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Suspicious Absence of Conservation (SAC)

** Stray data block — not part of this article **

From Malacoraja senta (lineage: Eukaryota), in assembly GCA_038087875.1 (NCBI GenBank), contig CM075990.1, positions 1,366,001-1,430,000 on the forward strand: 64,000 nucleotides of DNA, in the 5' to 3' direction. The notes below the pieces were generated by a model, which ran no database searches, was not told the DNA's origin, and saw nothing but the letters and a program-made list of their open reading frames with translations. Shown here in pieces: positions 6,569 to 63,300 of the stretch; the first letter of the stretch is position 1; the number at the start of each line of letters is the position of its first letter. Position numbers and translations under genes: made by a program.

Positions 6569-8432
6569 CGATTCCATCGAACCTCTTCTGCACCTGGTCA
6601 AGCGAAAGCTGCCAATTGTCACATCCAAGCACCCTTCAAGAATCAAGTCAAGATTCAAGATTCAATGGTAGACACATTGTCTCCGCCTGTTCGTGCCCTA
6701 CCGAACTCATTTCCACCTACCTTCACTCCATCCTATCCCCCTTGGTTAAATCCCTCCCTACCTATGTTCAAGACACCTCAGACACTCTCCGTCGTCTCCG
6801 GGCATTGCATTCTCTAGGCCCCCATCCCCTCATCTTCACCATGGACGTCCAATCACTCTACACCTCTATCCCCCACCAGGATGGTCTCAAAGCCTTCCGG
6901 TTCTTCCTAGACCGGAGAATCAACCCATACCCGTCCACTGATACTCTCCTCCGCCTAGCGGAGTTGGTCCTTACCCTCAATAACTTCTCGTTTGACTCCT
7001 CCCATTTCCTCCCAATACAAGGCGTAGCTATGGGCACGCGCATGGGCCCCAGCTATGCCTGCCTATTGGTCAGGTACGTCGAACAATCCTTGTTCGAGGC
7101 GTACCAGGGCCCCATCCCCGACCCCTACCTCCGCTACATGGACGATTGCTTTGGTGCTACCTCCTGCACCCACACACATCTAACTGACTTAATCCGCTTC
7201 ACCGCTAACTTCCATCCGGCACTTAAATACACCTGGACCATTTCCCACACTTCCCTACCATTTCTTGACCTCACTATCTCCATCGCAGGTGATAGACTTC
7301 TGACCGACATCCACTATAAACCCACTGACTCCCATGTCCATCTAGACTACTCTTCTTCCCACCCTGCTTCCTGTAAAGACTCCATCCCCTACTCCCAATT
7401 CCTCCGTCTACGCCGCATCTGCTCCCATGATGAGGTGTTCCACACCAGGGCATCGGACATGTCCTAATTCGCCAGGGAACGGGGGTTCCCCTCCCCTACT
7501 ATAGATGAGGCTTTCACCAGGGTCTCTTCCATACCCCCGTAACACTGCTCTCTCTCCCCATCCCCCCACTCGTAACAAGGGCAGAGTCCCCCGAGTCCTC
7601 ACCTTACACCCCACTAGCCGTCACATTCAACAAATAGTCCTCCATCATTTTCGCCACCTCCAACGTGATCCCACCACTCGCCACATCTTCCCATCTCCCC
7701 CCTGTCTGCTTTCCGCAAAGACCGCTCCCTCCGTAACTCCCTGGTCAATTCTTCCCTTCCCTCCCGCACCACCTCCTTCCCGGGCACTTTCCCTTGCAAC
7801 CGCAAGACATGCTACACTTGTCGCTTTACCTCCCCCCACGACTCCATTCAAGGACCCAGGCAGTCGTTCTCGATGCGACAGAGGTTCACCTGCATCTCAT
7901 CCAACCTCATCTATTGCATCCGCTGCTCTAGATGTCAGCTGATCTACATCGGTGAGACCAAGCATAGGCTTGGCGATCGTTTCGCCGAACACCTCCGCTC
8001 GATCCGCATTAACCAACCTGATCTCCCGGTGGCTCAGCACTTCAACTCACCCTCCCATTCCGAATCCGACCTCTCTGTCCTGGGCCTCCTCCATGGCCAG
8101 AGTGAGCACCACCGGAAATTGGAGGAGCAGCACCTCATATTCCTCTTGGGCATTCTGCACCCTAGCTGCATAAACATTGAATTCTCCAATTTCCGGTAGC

Greenpeace is well known for non-violent direct action in support of conservation. Very recently, they took a bold step in the German North Sea when they placed large granite boulders, each weighing two to three tons, around the Sylt Outer Reef. This reef is one of the few areas of rocky sea bed in the North Sea and is designated as a Special Area of Conservation under European Law. At first glance it might seem like some madness has overcome Greenpeace activists since the reef is officially protected. But Greenpeace's action highlights the present weakness of marine protected areas in Europe. Special Areas of Conservation (SACs) are intended to protect sites that support species and habitats determined by European legislators to be important. In the sea, this means reefs, caves, shallow sandbanks and a few other habitats, and a rather short list of species that includes charismatic animals like the Harbor Porpoise. Setting aside the problem that the list of habitats and species SACs can protect is brief, arbitrary, and fails to encompass anything like the range of wildlife that needs protection, at present most SACs offer little benefit to marine life at all. SACs are intended to maintain habitats and species' populations in ‘favourable condition', which in practice usually means little more than ‘not declining'. To designate one, conservation agencies seek places with sufficient in the way of life that it seems worth having one. In most cases, it is assumed that these places are in favourable condition and management is therefore focussed on preventing decline. If you take this view, as many government conservation agencies have, it implies that present uses of a site are entirely compatible with conservation. This is rather convenient if you want to avoid having to upset anybody whose activities might be curtailed, and it is certainly a good way to save money on management costs. But it is a policy that is failing Europe's marine life badly. In my view, the acronym SAC perhaps more accurately expands to Suspicious Absence of Conservation! The problem with this thinking is that it fails to redress past human impacts that have degraded the sites. A little history is in order here. In the mid-19th century and before, a vast area of the Southern North Sea was crusted with oysters and a myriad of other invertebrates including corals, seafans and sponges. In the 1880s, newly invented steam trawlers began to drag their nets back and forth across the seabed to catch fish, in the process tearing up marine life. Before long, little of this highly productive habitat remained, leaving behind the shifting sands and gravel familiar today. The last commercial catches of oysters were made in the 1930s and the last living oysters were caught in the 1970s. Only a few pockets of hard bottom remain, like the Sylt Outer Reef. The German government has not protected the Sylt Outer Reef  SAC from bottom trawling. Greenpeace's boulders are intended to help achieve what they have not. In the Mediterranean, many seagrass meadows have been damaged or destroyed by bottom trawlers. France and Spain have both seeded important areas of seagrass with anti-trawling reefs that snag and tear trawl nets, keeping fishers out. Hopefully, the Sylt Outer Reef will at last get the protection it deserves. ———- Callum Roberts is Professor of Marine Conservation at the University of York in England and the author of The Unnatural History of the Sea. Click here to visit his website.